There’s been a lot of talk in the past 2 years about Avian (bird) flu and the spread of the virus through birds in Asia. You might have heard of it. The speed at which the disease has spread has scientists in a quandary about how it’s getting around. The options are either by migratory birds or human trade in fowl.
Last year, it was noted that large numbers of Whooper Swans died in Mongolia in 2005, and the swan being a migratory bird that covers thousands of miles between summer and winter, scientists are trying to track their movements.
Whooper swans were captured by the international team in early August on the grassland steppe of far eastern Mongolia, near the borders of Russian and China. Each year, swans molt their feathers after the breeding season, and during that flightless period, the birds were captured by biologists in boats and on-foot. Small, 70-gram (2.3 ounces or the weight of a dozen quarters) solar-powered transmitters were affixed on 10 of the 8-kilogram (18-pound) large swans with backpack harnesses. The harnesses are made of Teflon ribbon that deteriorates and falls off of the birds within a few years.
Takekawa noted that satellite tracking data will provide information that will not only help scientists better understand and document links between wild birds and the spread of avian influenza, but that will also help enhance conservation efforts through determining the non-breeding ranges of birds and the mechanisms involved in long-distance migration.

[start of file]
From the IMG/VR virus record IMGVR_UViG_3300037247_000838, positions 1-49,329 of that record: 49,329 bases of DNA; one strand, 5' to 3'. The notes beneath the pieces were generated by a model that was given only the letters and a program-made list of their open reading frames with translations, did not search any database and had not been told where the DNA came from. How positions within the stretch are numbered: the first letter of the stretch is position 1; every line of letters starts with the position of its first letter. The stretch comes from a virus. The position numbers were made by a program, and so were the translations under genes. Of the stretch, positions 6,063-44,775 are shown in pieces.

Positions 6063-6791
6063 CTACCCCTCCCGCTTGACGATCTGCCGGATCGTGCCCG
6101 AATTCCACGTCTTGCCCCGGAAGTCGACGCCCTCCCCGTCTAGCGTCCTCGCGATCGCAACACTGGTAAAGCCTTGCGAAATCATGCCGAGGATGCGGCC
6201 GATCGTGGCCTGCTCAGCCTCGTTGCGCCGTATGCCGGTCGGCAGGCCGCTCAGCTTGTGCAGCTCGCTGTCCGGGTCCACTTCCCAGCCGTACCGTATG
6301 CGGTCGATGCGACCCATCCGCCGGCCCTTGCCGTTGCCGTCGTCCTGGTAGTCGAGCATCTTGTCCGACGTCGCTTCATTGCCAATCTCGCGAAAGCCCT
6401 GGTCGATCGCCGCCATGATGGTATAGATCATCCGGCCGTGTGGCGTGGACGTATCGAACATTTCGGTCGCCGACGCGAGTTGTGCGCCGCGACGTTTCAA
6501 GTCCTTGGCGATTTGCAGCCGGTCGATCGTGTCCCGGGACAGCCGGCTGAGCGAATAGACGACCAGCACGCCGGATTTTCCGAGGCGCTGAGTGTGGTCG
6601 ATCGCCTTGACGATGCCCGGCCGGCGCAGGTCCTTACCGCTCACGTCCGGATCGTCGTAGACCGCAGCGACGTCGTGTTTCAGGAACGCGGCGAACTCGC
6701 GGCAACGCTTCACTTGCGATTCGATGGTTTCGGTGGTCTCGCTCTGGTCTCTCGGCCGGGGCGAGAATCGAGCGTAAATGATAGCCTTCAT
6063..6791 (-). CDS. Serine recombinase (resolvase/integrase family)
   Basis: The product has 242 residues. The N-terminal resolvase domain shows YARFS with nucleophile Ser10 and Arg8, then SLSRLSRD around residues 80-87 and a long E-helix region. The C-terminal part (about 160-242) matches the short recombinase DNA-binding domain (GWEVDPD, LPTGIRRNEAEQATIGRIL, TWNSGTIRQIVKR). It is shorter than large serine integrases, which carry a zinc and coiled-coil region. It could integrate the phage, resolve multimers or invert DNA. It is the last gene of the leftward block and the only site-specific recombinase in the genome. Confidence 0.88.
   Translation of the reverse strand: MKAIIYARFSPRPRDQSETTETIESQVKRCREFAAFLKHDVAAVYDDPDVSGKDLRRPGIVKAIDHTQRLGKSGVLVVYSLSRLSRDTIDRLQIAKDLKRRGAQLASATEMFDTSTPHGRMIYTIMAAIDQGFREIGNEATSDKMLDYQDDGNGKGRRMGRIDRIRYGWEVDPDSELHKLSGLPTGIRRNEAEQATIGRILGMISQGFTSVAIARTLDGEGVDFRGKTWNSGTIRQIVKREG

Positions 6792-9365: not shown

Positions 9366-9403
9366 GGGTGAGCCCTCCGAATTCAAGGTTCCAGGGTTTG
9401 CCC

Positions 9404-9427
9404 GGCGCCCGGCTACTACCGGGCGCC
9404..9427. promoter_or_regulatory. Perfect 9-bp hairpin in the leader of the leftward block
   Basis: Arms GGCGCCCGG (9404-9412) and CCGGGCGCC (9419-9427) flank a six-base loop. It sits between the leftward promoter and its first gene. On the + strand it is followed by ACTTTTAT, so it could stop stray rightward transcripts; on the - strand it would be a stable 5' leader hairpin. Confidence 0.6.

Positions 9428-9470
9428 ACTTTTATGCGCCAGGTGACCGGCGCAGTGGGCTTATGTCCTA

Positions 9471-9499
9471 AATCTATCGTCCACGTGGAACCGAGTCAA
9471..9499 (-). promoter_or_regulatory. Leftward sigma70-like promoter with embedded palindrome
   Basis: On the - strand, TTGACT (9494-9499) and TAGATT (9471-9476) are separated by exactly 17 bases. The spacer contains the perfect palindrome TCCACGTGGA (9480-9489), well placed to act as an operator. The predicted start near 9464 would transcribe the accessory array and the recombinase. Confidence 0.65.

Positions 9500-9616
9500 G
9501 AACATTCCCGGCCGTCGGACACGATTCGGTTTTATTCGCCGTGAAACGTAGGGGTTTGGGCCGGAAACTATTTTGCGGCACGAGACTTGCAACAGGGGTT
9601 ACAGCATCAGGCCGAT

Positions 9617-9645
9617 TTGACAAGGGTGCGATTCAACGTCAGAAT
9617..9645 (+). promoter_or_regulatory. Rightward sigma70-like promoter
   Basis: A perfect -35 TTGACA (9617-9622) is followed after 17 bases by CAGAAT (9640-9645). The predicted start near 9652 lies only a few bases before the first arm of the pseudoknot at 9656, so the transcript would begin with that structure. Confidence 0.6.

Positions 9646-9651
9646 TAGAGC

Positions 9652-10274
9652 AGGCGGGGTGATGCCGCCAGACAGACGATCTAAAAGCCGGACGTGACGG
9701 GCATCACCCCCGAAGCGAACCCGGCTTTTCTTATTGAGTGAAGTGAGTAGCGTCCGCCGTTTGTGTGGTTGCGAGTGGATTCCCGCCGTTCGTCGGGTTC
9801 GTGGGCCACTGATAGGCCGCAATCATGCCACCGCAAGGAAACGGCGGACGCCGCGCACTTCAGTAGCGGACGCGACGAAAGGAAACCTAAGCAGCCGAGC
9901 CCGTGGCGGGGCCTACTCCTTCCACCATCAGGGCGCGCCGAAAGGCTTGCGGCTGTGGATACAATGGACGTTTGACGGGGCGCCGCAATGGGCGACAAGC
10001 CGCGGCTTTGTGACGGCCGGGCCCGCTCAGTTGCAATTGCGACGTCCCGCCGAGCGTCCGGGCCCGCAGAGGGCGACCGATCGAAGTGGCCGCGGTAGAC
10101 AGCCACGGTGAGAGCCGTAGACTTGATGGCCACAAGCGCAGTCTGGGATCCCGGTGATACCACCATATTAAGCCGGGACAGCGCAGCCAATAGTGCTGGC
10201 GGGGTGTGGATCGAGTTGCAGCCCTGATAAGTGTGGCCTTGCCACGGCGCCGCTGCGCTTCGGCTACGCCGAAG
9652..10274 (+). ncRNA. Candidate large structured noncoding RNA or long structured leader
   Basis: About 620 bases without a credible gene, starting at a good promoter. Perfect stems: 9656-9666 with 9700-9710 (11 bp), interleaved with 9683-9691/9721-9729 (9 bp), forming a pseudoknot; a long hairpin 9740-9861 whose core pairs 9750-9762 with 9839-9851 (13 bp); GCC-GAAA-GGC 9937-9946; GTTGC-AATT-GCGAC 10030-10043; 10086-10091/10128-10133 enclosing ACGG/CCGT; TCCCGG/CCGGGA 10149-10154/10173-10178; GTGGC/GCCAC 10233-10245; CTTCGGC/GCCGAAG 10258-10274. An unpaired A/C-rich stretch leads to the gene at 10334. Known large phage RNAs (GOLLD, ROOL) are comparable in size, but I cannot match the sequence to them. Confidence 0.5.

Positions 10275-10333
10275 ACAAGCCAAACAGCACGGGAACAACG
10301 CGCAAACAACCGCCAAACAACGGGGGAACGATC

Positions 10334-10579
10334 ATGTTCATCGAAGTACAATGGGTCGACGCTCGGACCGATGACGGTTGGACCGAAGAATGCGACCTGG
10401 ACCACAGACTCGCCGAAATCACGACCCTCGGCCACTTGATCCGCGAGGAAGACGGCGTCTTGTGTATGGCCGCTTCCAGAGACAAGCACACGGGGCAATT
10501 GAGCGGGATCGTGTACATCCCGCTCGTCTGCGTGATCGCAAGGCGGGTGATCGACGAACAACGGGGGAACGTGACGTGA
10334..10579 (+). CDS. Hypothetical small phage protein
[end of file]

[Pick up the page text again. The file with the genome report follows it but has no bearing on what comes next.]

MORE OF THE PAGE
The GPS transmitters are made by a wildlife specialty company; it is only in the last 5 years that they were reduced to a size suitable for migratory birds. Their accurate locations, often better than 30 feet, provide a wealth of information on migrating birds and use of their habitats that was not available before. The locations are recorded every 2 hours and stored in the transmitter memory before being sent to the research team by email through weather satellites every 2 days.
Continuous GPS tracking of birds in their migration. One wonders how many different animals can be tracked this way. Sea creatures come to mind, but I’m not sure how well GPS works underwater. Probably not well. Whales and Dolphins might be able to be tracked this way though. The device would have to triangulate it’s satellites pretty quickly when the animal surfaces for a breath.